Road Rage Running over Common Courtesy

Daily Herald (Arlington Heights, IL), May 10, 1998 | Go to article overview

Road Rage Running over Common Courtesy


Byline: Fred Norris

How does "road rage" happen? Why all the human suffering and humiliation spilling out on the Jerry Springer "Pugilistic" Show? Do people crave the attention they get from being crude, tasteless and vulgar? We live in a crazy world today! Is it the "I, Me or My" or "Me First" generation? What happened? Have you been experiencing the anger to assertiveness that I have while trying to travel at the speed limit on local roads? It seems to be more prevalent today; more people seem to be inconsiderate, indifferent and ill mannered; or are they just in a big hurry to get to the next stop light before you? Rules of the road are designed by highway experts in the interest of safety, but they also are related to good manners. Maybe it's simplistic on my part, but I think we lost sight of what was once basic common courtesy in our daily lives. Good manners are the necessary guards of the decency and peace in society. Yet we hear and read less about the cultivation of courtesy than we do about dieting or exercising and all sorts of things to preserve and enhance physical beauty.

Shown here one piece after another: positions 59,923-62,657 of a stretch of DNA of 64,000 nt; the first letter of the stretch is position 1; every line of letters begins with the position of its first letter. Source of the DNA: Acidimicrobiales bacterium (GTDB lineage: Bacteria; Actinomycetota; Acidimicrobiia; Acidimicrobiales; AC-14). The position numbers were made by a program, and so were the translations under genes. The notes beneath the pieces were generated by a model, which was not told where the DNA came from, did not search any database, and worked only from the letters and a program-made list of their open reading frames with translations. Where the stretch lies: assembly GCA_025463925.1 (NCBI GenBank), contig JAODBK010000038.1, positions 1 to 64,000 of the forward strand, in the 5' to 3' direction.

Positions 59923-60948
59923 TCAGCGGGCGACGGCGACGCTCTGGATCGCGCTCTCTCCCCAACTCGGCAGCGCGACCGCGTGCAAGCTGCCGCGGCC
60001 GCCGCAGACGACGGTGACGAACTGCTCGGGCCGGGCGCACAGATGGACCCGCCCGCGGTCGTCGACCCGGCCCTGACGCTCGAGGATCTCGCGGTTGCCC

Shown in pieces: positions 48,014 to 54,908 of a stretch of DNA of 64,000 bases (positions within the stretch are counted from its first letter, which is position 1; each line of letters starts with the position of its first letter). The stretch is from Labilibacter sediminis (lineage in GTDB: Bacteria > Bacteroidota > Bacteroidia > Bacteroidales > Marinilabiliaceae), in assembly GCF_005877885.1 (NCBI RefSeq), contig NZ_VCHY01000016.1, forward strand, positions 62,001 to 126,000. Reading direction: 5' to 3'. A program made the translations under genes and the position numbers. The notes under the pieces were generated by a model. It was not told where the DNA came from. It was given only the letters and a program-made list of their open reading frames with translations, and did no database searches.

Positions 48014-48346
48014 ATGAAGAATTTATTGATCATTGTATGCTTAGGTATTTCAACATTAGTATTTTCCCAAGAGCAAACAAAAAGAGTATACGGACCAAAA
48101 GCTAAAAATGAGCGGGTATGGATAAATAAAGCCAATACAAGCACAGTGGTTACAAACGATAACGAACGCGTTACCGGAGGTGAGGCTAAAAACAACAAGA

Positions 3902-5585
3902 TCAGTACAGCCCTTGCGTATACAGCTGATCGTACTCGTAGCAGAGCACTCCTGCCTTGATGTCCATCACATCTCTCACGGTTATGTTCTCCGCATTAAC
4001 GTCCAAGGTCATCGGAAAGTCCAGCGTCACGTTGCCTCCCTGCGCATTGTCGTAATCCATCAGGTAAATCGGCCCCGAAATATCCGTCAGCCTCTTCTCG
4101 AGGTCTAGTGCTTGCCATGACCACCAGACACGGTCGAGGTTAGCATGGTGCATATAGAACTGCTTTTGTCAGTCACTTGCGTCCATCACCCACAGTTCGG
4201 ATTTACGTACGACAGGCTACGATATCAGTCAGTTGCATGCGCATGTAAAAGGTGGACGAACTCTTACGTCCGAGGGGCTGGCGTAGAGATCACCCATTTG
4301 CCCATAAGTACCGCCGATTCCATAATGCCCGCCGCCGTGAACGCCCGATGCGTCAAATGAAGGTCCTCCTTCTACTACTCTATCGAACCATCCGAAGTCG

Our state and local laws list many punishable offenses against public order, against the person but there is no entry in its index under the heading "courtesy." Courtesy is unenforceable. Courtesy is in the arena we call freedom of choice. We use to assume everyone would be courteous and kind and act properly, and only the few or the depraved wouldn't exercise common courtesy.

Courtesy isn't a whimsical invention of our ancestors. Politeness should be the medium of social exchange, just as money is the medium of an economic exchange. Courtesy is like an air cushion ... there might be nothing in it but it eases the jolt. A "please" and a "thank you" may seem trivial, but they are agreeable and gratifying exchanges between civil people.

Today it is said, of course, times have changed, that meekness has not inherited the earth, and the competitiveness of everyday life leaves no time for the frills or time to be nice. Let's hope that's not true. There is more informality in life today, in conduct, in clothes particularly among young people. Maybe that's not all bad, but what is disturbing is good manners and living by the rules of our society also seem to have evaporated as we loosen up. …

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